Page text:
South African professional bicycle racer, Catherine Colyn, has spent the past four months in the USA contesting the Lifetime Grand Prix Series, the most prestigious off-road cycling series North America, and possibly, the world. With the grand finale taking place this weekend, here’s a look at how she’s fared in a very different racing environment to South Africa.
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In many ways, the USA is more advanced than South Africa, but not in cycling events. South Africa remains the global leader in mass cycling events, certainly MTB and, increasingly, Gravel. This was discovered quite quickly by Colyn, who has contested four races in the US, each slightly different.
“The racing for me as a woman has been next level! It’s kamikaze style and it’s often more about just looking after yourself and not crashing than focusing on your performance, especially in the first hour or so. There is no UCI-style regulation of the off-road races here, it literally is the Wild West! Some races, the Pro Women will start with the Pro Men and other races we will have our own start.
“With many of the girls stating their opinions on social media and being vocal about how the only way to have fair racing among the women is to have our own start, the Big Sugar race this weekend is giving us our own start. I’m quite excited about this. We will start after the Pro Men, which will ensure no interference,” added Colyn.
“In the mixed starts, if you want to be competitive, you have to try and stay with the Pro Men as long as possible. And if you start ahead of the Pro Men, you know they will catch you. And that can make a big difference in the women’s racing, especially in the Gravel races where it’s possible for women to get towed in the draft of a men’s bunch. It’s been a learning and growing process that I have had to adapt to. Next year, all the Lifetime Grand Prix events will have separate starts for the Men and Women Pros,” she added.
“But the biggest thing really is the safety aspect. The large, frantic starts and a desire for the Pro Women to get a good position in a bunch makes it quite dangerous. Especially when the men are also fighting for positions. It’s just very different to what we have in South Africa and what I have experienced in Europe, but I have learned quickly how best to join the local racing rhythm,” Colyn continued.
Colyn doesn’t have the support of a team, but has managed to build a basic support base around herself while being based in Boulder, Colorado. I must thank the people at Specialized USA, who have been great with support for me at a couple of the races. It’s amazing that even some race support can make a big difference when you’re at your physical and mental limit,” she smiled.
Colyn is one of 35 Pro Women selected to compete in the prestigious series, which comprises a mixture of the biggest MTB and Gravel races in the United States. She is being supported by a few companies, with the primary financial support from Energy Innovation Holdings (EIH), a South African logistics, fuels and agriculture holdings company.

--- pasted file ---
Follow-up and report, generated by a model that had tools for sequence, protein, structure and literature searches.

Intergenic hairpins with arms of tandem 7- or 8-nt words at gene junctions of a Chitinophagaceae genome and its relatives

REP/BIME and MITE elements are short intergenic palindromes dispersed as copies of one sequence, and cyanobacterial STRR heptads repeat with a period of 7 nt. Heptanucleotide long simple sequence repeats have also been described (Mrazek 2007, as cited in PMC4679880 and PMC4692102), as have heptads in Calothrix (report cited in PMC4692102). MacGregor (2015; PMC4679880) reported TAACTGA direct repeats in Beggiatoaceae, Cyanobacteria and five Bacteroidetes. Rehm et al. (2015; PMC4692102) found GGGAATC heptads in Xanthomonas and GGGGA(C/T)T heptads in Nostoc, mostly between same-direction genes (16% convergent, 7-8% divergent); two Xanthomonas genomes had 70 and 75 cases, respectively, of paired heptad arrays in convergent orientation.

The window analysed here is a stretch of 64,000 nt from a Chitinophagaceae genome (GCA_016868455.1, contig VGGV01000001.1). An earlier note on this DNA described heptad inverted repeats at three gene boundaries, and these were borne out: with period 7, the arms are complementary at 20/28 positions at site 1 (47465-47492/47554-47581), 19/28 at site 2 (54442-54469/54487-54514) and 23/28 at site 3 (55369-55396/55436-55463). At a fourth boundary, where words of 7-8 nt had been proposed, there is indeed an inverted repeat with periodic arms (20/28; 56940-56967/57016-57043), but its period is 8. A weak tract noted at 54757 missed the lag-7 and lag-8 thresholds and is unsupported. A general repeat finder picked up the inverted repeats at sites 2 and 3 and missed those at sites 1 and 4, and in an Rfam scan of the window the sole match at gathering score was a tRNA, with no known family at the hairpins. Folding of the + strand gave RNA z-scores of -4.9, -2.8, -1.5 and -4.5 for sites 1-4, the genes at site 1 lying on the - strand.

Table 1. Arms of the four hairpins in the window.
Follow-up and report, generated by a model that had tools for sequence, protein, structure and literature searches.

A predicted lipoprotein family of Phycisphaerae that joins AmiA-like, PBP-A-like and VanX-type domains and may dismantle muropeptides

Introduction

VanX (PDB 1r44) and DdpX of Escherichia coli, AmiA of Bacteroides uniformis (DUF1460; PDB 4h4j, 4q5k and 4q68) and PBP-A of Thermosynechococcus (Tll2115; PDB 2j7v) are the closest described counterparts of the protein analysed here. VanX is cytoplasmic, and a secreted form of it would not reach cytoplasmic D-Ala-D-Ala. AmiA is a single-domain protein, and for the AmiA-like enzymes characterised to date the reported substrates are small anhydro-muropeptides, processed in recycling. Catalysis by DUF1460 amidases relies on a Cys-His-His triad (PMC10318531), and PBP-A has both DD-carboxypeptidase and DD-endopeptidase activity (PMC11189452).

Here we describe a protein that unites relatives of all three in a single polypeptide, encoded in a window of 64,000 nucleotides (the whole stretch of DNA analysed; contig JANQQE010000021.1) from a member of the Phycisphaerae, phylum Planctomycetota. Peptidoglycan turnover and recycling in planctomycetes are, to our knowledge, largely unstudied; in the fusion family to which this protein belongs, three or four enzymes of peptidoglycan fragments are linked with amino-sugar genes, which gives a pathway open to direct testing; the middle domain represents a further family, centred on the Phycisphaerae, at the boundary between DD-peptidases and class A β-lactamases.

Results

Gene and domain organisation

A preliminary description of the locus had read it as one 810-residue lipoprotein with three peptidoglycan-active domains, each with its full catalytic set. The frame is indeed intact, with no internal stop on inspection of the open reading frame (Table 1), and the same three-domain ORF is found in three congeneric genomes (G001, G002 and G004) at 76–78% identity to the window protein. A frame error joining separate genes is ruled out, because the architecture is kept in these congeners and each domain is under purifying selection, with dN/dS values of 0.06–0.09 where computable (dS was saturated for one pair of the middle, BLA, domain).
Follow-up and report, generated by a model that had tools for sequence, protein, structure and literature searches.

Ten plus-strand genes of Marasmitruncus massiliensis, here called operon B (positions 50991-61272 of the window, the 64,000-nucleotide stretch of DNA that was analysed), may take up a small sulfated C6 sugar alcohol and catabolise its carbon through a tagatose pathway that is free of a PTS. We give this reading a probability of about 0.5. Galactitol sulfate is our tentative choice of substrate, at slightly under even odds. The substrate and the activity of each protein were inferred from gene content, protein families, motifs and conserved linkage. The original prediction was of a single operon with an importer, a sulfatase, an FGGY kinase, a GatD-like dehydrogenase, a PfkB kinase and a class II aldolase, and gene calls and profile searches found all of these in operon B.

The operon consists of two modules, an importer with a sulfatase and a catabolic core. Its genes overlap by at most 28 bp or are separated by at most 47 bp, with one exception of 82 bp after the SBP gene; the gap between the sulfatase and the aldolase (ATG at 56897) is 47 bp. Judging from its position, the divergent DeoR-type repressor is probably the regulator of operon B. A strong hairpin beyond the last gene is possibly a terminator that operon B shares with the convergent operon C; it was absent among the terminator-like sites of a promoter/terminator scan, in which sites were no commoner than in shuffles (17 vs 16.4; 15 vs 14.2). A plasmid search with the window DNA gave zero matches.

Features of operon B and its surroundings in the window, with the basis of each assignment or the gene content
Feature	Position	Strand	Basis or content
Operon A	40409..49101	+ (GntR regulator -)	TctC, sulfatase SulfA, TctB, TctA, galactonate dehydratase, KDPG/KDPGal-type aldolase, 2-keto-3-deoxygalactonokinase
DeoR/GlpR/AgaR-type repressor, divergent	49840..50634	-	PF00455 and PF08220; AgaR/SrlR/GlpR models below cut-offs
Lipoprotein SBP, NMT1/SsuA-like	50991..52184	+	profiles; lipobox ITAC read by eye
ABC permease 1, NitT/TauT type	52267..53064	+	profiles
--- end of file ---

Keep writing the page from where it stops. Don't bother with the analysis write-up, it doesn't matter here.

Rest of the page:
From a racing performance perspective, she’s has two top 20 finishes in the four races she’s contested so far.
At Leadville 100, a 170km mountain bike race at an altitude of 3000-3700m above sea level, Catherine finished 16th in the Lifetime Grand Prix competitors – a very solid result in a race that’s difficult to train for – and tricky to race as it’s at such a high altitude. At the Chequamegon MTB Festival, she held her own in a chaotic 60km, two-and-half-hour mountain bike race to finish 15th in the Lifetime Grand Prix contestants.
“Chequamegon was a frantic race! The start was on a downhill ski slope, so it was super wide and super fast! Most races in South Africa include some kind of climb early on to separate the field a bit, but this one was very much the opposite!”
Her most recent race was The Rad Dirtfest, where she withdrew at 70km after struggling with illness.
“I was feeling really good going into The Rad. But I gradually began to feel weaker as the race wore on and had to stop to throw up. I was completely flat from an energy perspective and decided to rather abandon and focus on the final race in the Lifetime Grand Prix series,” she said.
The Lifetime Grand Prix comprises seven premier US races, some Gravel and some MTB. The 35 Pro Men and Pro Women score points at each round, but only their best five results are counted to the final standings. They must participate in at least five of the events, including the final, the Big Sugar Classic on Sunday 21 October in Bentonville, Arkansas
Colyn was in 23rd in the Lifetime Grand Prix standings at one point, but her DNF at the most recent race saw her slip down to 30th. On Sunday she will contest a 100-mile Gravel race at the Big Sugar Classic, where she hopes to conclude the series on a positive note. She will be racing on the Specialized Crux.
“Each race has been different for me. I have just ensured that I start each race knowing that I have done the training and that I need to get through the frantic starts without any drama. I’m excited to contest Big Sugar Classic this weekend and also that it’s almost home time for me. It’s been four incredible months, but I have missed my home and my people!” she smiled.